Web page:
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Communiqué #066


to the PEOPLE of HAITI

November 2, 2009

“Until next time” is the way I always close my communiqués.  Little did I know that it would take me from August until November before I jotted down my next thoughts.  Much has happened in the intervening months.

In September, I was privileged to spend time with BOTH of my grandsons on their birthdays!  It was the first year that I was able to do that. The little guys are little guys only once and I treasured my time with them as they turned two and four.  On each of their special days, I got to take them for a “Day Out with Grandma!”   A session at the photo studio and lunch at a special place highlighted some of our time together!

I returned to LesCayes for three short days, before heading out again on a whirlwind journey to cities in both the Dominican Republic and Haiti.  Léon and I traveled with Leonie Kessa Izidor and my dear friend Lynn to visit the orphanage being constructed in the Dominican Republic by Pastor Edriss Quessa.  Seven boys, ages 7 to 12, are on the waiting list to enter the orphanage, where they hope to live once funding is available.

Jomale, Lubin, Johnson, Robinson, Medgo, Willio, and Miguel patiently wait for a home where there will be food every day, clothes to wear and a school to attend.  These boys were born to Haitian families who are working as slaves in the sugar cane fields of the Dominican Republic.  Home is a site adjacent to the city dump that borders a busy airport.  Identification papers were stripped from their parents when they were brought illegally into the country to work the fields.  When children were born to these families, there was no proof of who they were.  Thus, the children are born “without a country.”  They cannot prove they are Haitian.  They cannot prove they are Dominican.  This leaves these children with no access to education or medical care. But for the hope of a home in the orphanage, these children have no future!   What is needed now are sponsors for these children!  It is the hope of Caribbean Children’s Foundation to find persons who are willing to make a long term financial commitment to the children living in the bateys (sugar cane worker communities) of the Dominican Republic!

After a few short days, we returned to Haiti.  Léon and Leonie returned to LesCayes to the work that awaited them there.  Lynn and I met up with a team coming from Ohio to work in the area of Jacmel, on the southeastern coast of Haiti.  The all-women team would present seminars to several communities in and around the Jacmel area.  Dental hygiene, family planning, breast feeding and menopause seminars were presented to combined groups of men and women.  The men were equally as eager as the women to learn from the missionaries. Many old wives’ tales are still prevalent throughout the country.  It will take repeated seminars to dispel many of the beliefs.  Questions that make us shake our head in disbelief are very commonplace.  We were asked questions like, “Is it true that the milk from a new mother will go to her head and make her crazy?”   We know this phenomenon to be post-partum depression, but in a country where there is only one doctor to every 10,000 people, not only is medical care hard to come by, but mental health care is almost non-existent.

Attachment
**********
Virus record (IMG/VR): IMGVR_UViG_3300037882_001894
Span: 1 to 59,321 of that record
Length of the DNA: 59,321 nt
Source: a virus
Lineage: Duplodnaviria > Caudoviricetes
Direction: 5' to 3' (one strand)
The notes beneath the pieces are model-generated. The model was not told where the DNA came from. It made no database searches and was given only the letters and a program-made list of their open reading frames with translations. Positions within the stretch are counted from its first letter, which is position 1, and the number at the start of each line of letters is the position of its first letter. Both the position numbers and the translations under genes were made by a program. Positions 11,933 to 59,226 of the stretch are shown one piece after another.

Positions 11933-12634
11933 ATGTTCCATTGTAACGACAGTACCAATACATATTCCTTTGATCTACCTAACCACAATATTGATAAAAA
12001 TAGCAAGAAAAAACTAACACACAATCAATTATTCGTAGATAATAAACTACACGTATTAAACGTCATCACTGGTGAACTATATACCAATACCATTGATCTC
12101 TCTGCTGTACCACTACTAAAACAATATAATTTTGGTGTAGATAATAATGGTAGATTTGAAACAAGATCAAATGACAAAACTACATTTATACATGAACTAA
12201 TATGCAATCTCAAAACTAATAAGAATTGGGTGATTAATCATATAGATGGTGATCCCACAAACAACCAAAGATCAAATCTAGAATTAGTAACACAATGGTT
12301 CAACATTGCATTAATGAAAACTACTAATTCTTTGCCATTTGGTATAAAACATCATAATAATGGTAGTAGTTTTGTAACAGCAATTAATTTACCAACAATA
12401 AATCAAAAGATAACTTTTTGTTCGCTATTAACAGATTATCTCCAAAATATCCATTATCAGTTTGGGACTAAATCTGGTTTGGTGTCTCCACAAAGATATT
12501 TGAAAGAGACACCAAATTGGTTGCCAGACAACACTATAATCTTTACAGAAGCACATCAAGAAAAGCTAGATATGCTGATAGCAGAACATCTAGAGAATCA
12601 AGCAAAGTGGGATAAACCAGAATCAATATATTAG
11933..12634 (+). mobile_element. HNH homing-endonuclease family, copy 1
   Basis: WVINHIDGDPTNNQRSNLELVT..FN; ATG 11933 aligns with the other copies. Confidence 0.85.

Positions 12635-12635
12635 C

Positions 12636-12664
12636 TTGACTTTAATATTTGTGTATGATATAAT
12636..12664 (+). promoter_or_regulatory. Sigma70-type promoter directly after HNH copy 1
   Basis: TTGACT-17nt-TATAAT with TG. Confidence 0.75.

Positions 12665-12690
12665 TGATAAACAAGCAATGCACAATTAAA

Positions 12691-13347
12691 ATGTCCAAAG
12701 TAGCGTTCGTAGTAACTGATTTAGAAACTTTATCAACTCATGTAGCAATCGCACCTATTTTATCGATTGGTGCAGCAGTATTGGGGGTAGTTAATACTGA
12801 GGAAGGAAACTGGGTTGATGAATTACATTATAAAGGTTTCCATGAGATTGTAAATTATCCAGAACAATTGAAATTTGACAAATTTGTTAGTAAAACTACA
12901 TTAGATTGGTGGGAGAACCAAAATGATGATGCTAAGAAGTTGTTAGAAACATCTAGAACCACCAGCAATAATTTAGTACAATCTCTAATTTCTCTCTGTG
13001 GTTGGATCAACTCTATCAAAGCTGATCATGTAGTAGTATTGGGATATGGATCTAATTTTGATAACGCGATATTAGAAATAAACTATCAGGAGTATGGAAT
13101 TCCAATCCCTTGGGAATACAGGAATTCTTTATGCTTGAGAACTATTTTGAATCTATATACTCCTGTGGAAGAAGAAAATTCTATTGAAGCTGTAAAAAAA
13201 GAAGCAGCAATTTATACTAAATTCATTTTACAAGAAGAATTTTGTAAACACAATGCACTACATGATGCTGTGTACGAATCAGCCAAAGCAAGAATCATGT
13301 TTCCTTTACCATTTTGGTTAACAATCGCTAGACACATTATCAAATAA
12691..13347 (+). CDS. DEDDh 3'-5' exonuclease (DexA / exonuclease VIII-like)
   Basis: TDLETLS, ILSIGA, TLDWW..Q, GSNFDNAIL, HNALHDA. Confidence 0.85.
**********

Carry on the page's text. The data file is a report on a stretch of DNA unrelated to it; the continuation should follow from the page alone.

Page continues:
The group was also able to visit some of the schools where newly sponsored students were attending. Dental hygiene seminars were presented to the student body, dental hygiene kits were given to the students and additional students were interviewed for the student sponsorship program.

The week passed quickly. Lynn and I bid farewell to the team and headed to the north and northeastern part of Haiti.  Scouting out these areas with a seasoned team leader will assist in my goal to expand the number of places missionary teams come to help.  Jacmel has started receiving teams in the last year.  Cap Haitien and Ouanaminthe are areas where teams could also be very useful.  Medical teams, construction teams and orphanage interaction teams would be helpful in these two localities.